As soon as they met, she realized she had been introduced to someone special. Maybe it was the goofy, pursed-lip look he gave her when he first saw her. Or maybe it was when he walked her to the bathroom in a club crowded with Marines. Or maybe it was when he bought her a couch, a car and paid the first and last month's rent on an apartment when she was struggling to make ends meet as a single mother.

"How am I going to pay you back for all this?" she asked.

"Maybe, some day, you'll marry me and it will all be a wash," he responded.

Or maybe it was the time when he asked her out on their first date.

"I'm separated, and I've got three children," she said incredulously.

"Do we have to take them on the first date?" he asked. "Can't we wait to take them on the second?"

She had fallen hard for this former Eagle Scout. He adhered to the Boy Scout code of being kind, courteous, clean and reverent, and made her feel at ease during a tough time in her life when she felt vulnerable and alone. After two years of dating, the two were married May 14, 1988, in Franklin's hometown. Claire, her youngest, handed out rice bags; Hannah, her middle child, tossed flowers; and Jamie, her oldest, ushered guests into the church.

"The greatest thing he gave me was self-esteem," Fuller said, her voice choking, tears trickling down her face. "I was real clingy when we first got together because a man left me for no reason. But Paul always told me, 'You need to make friends. I didn't know your world, but make your own world, and I'll keep the kids."

"He was my guardian angel from the beginning."

Franklin loved the art of making good radio. He came to WTQR seven years ago and helped turn WTQR into one of the nation's top country stations as well as create a morning show that went on to earn the Academy Award in country music. Franklin and his popular Southern woman sidekick, Aunt Eloise, of the "Good Morning, Good Morning, Good Morning Show" were named by the Country Music Association as the large-market personalities of the year in 1997.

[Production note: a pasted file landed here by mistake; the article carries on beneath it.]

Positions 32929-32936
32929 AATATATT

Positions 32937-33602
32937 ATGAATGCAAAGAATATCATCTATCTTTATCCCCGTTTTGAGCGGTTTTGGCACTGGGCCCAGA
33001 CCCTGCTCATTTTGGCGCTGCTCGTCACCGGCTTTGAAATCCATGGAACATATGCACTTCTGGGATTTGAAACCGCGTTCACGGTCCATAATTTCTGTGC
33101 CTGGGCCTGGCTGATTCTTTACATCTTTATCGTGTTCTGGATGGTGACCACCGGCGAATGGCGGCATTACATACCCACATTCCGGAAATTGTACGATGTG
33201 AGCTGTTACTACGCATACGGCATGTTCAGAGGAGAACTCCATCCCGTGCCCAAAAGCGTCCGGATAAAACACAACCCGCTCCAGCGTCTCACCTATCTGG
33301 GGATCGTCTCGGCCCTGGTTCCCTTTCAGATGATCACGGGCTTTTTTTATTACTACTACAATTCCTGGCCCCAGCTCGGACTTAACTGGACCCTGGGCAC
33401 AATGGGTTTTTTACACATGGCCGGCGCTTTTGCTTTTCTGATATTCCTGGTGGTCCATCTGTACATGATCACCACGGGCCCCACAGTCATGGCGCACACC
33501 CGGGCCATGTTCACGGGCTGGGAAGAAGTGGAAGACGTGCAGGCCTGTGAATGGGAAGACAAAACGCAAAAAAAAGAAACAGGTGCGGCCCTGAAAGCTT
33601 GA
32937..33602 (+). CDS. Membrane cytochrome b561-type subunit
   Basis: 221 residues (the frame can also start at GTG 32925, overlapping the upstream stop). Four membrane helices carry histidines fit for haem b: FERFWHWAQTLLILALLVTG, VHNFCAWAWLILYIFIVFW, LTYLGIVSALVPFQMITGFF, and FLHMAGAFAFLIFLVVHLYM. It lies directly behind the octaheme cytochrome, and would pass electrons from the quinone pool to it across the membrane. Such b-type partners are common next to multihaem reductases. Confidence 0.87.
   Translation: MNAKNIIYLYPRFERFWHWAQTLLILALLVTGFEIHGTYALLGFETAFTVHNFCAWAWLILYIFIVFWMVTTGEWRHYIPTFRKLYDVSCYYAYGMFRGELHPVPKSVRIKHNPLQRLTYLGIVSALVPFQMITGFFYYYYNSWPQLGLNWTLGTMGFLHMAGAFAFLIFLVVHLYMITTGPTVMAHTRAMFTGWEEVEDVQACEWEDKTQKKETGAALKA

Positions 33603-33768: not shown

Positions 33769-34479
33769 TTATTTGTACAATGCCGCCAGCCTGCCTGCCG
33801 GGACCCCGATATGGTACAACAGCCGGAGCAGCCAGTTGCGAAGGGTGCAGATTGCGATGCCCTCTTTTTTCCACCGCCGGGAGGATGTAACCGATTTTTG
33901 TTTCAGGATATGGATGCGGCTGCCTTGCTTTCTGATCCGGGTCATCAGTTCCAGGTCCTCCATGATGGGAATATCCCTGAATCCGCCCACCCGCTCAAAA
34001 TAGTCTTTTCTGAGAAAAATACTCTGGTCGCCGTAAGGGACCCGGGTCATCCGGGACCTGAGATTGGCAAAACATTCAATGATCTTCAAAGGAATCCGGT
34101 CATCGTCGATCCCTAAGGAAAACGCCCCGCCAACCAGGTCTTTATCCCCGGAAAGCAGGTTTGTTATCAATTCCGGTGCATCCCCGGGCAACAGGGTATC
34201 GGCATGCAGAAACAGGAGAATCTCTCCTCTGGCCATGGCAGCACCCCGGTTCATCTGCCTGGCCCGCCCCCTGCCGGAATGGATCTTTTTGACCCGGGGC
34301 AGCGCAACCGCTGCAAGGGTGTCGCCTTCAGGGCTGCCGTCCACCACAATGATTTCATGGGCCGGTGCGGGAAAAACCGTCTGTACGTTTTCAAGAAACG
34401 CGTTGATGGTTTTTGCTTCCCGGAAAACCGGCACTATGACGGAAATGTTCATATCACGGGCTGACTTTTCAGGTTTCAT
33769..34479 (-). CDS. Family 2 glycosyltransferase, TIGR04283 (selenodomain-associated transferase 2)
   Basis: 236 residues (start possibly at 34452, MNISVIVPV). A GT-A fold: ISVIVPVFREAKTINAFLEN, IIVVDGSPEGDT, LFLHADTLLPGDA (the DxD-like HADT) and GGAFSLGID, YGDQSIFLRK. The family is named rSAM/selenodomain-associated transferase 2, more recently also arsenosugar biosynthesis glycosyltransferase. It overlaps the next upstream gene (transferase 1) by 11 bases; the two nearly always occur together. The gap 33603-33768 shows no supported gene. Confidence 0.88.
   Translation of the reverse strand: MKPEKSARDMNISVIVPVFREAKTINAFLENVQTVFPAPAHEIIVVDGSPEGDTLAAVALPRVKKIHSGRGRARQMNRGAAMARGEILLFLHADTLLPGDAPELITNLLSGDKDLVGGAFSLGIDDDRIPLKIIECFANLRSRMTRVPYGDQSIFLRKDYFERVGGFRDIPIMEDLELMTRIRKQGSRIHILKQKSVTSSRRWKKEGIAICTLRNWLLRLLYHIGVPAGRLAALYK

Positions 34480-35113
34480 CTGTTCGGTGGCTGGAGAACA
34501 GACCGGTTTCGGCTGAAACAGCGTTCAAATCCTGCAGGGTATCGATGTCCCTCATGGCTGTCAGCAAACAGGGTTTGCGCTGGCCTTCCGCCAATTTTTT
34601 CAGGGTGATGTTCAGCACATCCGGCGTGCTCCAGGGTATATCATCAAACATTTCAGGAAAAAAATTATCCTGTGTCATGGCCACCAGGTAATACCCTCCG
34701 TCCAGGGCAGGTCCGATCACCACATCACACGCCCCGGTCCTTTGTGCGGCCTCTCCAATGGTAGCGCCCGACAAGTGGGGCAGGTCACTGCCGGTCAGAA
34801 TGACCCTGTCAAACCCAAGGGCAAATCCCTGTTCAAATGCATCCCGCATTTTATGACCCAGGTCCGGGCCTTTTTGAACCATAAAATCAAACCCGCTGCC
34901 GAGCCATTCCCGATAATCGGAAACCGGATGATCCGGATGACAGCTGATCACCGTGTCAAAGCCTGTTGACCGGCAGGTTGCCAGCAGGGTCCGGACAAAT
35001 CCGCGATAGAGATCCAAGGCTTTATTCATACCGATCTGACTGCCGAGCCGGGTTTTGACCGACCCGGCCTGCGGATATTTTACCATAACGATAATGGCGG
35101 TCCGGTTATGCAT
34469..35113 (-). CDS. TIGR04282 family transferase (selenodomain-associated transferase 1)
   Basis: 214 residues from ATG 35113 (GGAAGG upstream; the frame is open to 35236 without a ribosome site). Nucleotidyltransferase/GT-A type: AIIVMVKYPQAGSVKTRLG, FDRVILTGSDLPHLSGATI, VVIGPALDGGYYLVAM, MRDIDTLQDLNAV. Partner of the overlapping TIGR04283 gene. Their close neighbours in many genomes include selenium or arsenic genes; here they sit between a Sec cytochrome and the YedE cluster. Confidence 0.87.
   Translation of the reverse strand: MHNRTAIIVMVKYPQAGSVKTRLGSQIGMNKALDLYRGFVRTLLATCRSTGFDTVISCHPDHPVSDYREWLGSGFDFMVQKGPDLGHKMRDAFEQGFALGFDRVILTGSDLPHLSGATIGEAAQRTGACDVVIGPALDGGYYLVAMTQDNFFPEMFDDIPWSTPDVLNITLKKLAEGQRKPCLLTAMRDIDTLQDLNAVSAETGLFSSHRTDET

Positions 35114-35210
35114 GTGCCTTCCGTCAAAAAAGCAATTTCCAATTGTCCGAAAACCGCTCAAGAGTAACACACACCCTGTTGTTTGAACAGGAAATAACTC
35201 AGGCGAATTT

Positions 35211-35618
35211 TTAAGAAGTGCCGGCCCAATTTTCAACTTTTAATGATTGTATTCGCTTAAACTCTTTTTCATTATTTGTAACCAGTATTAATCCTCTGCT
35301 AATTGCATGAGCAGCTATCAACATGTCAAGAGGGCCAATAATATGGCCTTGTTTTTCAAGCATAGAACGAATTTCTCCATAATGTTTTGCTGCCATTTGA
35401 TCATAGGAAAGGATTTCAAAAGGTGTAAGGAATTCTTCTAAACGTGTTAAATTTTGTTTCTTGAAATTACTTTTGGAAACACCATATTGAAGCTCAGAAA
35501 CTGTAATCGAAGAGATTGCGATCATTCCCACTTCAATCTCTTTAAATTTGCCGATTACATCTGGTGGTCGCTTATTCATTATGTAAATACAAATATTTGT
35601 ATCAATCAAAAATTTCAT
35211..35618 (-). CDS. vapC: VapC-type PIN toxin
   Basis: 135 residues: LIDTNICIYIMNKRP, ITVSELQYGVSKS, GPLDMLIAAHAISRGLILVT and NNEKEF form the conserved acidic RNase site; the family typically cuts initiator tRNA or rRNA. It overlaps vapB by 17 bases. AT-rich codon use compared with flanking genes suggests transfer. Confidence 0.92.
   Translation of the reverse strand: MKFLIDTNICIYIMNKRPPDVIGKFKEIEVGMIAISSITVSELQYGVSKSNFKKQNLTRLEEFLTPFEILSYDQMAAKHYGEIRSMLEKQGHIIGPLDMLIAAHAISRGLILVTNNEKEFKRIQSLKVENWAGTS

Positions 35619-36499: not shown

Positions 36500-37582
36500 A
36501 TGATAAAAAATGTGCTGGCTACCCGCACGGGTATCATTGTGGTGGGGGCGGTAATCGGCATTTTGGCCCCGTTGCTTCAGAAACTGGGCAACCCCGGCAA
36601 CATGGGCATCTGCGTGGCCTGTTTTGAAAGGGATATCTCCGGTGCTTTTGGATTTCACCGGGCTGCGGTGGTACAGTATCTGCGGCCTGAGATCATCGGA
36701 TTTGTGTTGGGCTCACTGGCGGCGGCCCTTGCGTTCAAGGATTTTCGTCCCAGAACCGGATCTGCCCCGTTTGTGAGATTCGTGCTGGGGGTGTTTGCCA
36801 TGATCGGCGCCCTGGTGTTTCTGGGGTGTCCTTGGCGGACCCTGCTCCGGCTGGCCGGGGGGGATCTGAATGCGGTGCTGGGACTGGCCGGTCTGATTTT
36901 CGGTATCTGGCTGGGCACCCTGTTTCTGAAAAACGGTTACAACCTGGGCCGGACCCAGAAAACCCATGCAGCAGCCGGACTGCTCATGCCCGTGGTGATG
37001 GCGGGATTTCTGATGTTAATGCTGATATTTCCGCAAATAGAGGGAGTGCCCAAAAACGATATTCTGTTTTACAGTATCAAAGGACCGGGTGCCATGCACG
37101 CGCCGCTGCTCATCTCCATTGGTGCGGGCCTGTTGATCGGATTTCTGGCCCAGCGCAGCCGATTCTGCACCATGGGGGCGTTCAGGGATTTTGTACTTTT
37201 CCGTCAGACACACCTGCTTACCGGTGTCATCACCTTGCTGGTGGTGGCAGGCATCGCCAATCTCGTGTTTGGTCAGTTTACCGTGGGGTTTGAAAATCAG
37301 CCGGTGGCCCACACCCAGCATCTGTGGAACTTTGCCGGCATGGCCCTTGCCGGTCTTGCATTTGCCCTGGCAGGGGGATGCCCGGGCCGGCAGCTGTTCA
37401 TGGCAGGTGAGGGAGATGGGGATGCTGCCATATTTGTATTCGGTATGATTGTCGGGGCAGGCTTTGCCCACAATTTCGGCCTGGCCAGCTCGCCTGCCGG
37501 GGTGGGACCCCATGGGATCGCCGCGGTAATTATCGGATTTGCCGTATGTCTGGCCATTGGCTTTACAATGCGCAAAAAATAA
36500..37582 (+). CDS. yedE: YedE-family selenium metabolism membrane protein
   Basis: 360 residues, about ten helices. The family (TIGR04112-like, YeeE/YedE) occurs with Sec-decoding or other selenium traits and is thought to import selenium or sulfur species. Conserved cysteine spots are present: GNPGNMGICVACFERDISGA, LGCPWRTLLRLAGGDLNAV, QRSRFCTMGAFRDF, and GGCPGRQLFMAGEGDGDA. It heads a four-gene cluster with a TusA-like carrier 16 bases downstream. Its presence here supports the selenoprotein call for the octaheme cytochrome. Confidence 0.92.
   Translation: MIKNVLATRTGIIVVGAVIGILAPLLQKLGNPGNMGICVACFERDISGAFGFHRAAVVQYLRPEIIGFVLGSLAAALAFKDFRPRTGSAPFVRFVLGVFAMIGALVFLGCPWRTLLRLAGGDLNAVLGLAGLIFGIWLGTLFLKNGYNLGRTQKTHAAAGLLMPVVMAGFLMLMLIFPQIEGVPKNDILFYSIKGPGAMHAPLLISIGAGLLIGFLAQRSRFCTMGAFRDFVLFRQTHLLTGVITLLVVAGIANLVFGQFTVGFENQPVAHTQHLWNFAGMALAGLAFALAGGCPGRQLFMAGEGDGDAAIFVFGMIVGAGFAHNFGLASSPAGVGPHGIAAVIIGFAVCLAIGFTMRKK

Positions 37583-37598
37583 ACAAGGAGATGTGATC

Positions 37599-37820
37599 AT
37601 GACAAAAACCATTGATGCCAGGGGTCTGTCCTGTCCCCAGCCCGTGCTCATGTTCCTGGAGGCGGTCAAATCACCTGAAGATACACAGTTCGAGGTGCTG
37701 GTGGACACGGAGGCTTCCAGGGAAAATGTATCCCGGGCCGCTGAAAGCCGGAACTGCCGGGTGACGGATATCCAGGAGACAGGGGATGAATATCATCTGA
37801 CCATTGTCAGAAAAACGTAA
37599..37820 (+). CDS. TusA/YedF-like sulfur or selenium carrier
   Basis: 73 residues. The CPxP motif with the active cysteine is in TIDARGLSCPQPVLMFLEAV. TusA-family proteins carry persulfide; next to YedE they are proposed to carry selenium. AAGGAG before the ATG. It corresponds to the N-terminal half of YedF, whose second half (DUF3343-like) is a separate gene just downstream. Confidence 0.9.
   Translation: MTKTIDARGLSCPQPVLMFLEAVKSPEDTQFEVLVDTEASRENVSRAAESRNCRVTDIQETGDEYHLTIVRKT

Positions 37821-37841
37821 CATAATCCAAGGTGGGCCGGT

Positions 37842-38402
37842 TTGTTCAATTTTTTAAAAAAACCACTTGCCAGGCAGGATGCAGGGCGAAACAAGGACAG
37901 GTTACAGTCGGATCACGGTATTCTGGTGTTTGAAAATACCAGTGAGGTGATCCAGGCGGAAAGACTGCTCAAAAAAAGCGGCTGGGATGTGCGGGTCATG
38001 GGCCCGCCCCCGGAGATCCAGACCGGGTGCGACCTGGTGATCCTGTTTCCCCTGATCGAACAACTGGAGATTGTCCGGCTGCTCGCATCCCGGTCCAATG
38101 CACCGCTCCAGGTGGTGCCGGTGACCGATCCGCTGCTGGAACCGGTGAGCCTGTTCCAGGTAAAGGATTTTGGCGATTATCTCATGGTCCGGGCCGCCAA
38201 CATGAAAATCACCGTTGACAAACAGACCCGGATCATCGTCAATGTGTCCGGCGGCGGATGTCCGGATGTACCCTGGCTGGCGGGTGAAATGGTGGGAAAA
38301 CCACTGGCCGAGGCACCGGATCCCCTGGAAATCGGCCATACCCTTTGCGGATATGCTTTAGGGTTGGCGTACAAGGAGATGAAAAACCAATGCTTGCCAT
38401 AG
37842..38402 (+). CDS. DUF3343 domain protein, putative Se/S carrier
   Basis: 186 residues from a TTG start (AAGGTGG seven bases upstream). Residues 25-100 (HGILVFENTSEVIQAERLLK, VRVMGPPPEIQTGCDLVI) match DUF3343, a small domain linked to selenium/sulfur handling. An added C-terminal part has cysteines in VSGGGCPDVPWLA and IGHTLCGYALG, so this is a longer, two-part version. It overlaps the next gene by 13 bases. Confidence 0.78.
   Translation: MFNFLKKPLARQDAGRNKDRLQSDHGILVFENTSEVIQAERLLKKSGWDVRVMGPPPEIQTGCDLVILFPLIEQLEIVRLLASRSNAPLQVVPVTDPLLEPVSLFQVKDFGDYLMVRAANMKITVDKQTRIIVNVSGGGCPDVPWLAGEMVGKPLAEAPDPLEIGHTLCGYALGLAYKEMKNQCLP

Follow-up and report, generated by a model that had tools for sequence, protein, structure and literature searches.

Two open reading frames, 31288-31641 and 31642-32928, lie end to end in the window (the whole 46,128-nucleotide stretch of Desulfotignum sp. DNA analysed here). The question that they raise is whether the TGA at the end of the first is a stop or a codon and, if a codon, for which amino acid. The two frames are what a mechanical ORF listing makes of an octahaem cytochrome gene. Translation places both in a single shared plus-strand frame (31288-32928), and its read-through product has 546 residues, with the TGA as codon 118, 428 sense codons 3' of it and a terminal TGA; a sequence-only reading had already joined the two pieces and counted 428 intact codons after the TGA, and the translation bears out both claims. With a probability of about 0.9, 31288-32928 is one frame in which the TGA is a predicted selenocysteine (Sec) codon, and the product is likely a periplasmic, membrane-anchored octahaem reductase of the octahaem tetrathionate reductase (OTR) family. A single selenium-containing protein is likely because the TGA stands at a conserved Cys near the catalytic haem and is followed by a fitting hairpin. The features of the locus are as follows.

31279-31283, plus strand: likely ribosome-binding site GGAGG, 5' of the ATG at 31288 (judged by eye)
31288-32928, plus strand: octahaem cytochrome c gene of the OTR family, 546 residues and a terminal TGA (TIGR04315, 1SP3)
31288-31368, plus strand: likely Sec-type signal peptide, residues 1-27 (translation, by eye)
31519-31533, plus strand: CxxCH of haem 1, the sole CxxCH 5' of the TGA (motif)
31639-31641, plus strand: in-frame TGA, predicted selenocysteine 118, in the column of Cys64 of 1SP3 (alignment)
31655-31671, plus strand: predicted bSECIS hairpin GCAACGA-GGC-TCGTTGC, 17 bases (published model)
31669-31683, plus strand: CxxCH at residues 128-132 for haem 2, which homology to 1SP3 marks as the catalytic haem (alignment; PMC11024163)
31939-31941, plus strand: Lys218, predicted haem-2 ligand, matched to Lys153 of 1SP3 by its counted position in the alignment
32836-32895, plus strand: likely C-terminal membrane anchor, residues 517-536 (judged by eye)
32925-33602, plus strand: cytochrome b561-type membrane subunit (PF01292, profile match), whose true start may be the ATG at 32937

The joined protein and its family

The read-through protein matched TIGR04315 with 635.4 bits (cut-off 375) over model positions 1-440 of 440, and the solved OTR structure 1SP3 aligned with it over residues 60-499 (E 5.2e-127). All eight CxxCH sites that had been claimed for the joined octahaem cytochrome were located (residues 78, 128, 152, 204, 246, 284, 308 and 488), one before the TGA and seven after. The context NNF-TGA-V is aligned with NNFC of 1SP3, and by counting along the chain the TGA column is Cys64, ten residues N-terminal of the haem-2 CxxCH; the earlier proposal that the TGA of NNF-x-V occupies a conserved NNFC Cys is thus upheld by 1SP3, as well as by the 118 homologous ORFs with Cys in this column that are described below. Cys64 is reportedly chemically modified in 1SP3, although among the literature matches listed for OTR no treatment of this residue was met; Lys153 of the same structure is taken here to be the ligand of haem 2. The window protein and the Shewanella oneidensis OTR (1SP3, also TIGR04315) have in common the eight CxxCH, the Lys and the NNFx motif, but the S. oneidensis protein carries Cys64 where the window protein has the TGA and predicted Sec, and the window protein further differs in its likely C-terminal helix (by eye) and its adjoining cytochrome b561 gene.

Franklin was funny. But he also used radio as a platform to talk about his religious faith and a vehicle to help raise millions of dollars for various local charities. He went to remotes nearly every week to sign autographs, meet listeners and talk to them about their lives. In one instance, he even gave a listener the shirt off his back. She had stood in line for four hours to get a shirt -- as well as his autograph -- only to find out the station gave away its last shirt. She got Franklin's.

Franklin also loved family. He wallpapered his office at work with pictures, drawings and cards from his family. When their first child, Annie Camp, was born, he told his wife minutes after the delivery: "I don't love her one bit more than all the other ones. They are all my children."

And oh yeah, he loved his wife too. He called her "Sue Dolly," a pet name her mother and father had first given her. In the morning, when their alarm clock went off at 3:45, he often stroked her head and whispered, "Sue Dolly, I love what I do, but I hate leaving you." Then, when he'd come home, he sometimes bellowed, "Daddy's home. Does anybody care?" Then, he'd search out his wife, nuzzle her neck and say, "You've got the ugliest ears, but you're the prettiest woman I've ever seen."

He instilled in his family the Boy Scout code he first learned from his father. They attended church, talked out problems at family meetings in the living room and adopted a less fortunate family every Christmas. And when his wife bought him a Harley-Davidson Road King last year for his 40th birthday, he told her the bike would marry his two passions: his wife and the family's charity work.

"Sue Dolly," he told her, "this is something you and I can do together, and we can do good on this bike. We can raise money for people who need it."